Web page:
+Home     Museum     Wanted     Advertising     Articles     EMail  

Advertising & Documentation Archive

Sharp CSA-12 "Memorizer 60" Programmer Manual

Front cover of Sharp Memorizer 60 (Model CSA-12) Automatic "Programer" Operating Instructions

The Model CSA-12, called the "Memorizer 60", along with its half-capacity Memorizer 30, were accessory devices that could be connected to certain models of Sharp electronic calculators to provide a rudimentary learn-mode programming capability.

The Memorizer 30 and Memorizer 60 were announced by Hayakawa Electric in September of 1968, and were on the market beginning first in Japan in late 1968, and in North America by early 1969.

The early examples of the Memorizer 30/Memorizer 60 could be connected to a special socket on the back panel of the Sharp Compet 22 or Sharp Compet 32 calculator. A revised version (denoted with a B at the end of the serial number) was released sometime in mid-1969 that allowed connection to two additional calculators, the Sharp Compet 33 (same as the Compet 32, but omits the Square Root function), and the new Sharp Compet 50, Sharp's first printing electronic calculator.

With a Memorizer connected to one of these calculators, the device would allow a sequences of key presses of up to 30(Memorizer 30) or 60(Memorizer 60) steps in length to be stored within a magnetic core memory array located within the Memorizer device. Once a sequence of key presses was stored, the sequence could be "played back" to the calculator, which would carry out the functions of the key presses as if they had been entered on the calculator keyboard, albeit in a much faster fashion than a human could enter them. A special code could be stored in the memory of the Memorizer using a key on the front panel of the memorizer that would halt the sequence of steps to allow the operator to enter values for variables on the calculator keyboard, as well as to indicate the end of a program. The Memorizer devices only allowed linear sequences of keyboard keys to be entered, e.g., there was no direct capability to perform looping or conditional tests as would be provided by a true programmable calculator. It was possible to manually implement loops by utilizing the ability of the Memorizers to break the step storage space into two separate spaces of 15(Memorizer 30) or 30(Memorizer 60) steps. A switch on the panel of the Memorizer selects which program space to be used when entering or playing back key press sequences. By putting all of the initialization and initial data entry steps into Program I, then switching to Program II, and performing the steps involved in the iterative part of a calculation, Program I could be run first in order to set up for the looping operation, then the operator would switch to Program II, and repeatedly execute the iterative part of the sequence (perhaps with additional stops for data entry) for a specified number of times, or until a result converged such that changes in the answer were no longer occurring.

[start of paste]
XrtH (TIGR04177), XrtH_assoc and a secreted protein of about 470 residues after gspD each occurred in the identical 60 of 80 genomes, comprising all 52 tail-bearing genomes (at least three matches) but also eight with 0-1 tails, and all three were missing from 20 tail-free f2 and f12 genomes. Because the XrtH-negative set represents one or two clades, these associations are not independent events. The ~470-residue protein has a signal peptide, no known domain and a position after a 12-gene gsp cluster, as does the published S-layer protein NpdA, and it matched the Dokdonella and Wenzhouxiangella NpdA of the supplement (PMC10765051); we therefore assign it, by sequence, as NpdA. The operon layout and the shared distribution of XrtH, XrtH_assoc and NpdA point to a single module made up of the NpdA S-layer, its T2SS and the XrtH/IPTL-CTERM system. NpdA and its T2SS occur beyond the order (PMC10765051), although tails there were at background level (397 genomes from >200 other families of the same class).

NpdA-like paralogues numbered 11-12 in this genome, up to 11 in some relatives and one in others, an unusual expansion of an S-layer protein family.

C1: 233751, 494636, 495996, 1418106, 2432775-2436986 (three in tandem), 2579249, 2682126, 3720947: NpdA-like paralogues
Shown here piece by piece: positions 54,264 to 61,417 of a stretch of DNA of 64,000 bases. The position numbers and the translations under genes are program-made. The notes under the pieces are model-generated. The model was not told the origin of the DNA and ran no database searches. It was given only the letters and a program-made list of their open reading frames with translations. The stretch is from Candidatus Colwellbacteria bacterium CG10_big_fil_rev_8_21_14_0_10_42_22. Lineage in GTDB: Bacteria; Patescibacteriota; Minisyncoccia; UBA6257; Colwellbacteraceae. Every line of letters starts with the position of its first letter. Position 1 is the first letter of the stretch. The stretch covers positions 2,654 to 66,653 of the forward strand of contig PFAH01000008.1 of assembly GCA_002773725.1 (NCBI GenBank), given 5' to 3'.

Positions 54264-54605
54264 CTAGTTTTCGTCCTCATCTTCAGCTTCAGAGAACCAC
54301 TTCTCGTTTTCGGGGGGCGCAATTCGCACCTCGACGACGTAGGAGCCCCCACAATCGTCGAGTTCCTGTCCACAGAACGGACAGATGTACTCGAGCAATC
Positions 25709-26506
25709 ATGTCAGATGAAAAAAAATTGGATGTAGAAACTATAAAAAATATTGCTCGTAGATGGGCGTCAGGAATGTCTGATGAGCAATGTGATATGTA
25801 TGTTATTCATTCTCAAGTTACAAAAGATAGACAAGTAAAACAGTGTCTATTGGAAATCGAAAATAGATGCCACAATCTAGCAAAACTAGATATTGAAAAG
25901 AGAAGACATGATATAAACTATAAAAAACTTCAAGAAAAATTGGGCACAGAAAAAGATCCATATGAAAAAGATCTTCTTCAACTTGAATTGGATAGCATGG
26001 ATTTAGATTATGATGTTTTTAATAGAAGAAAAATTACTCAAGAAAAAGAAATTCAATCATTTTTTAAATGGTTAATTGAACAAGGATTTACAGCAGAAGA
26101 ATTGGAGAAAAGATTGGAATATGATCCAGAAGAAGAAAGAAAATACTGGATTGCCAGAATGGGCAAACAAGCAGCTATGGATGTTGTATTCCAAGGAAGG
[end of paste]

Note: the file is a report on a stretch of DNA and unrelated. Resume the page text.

These devices were a stop-gap measure for Sharp, as it was not long before similar functionality with improved capabilities were integrated into some models of Sharp's calculators, no longer requiring an external device to provide programmability. For this reason, the market lifetime of the Memorizer devices was fairly limited, and although an exact date when production on the devices halted, it is expected that by the early part of 1971, the devices were no longer being produced. Because of the limited market lifetimes of the calculators that the Memorizers would work with, as well as lower-cost calculators with basic built-in programming capabilities were available not long after the Memorizers were introduced, not many of these devices appear to have been manufactured, making them quite uncommon today.

The Old Calculator Museum has a Memorizer 60 in its collection that requires some restoration work (a broken conductor in the cable that connects the Memorizer to the calculator), as well as requiring a full check-out before connecting to a calculator, but when it (hopefully) is restored to full operation, it will certainly be exhibited here, likely with a video demonstration of it in operation.

Note the misspelling of "Programer"(sic) on the cover of the manual.

Scanning of the manual for the Memorizer 60 is on the To-Do list for the museum, and will be posted once it is available.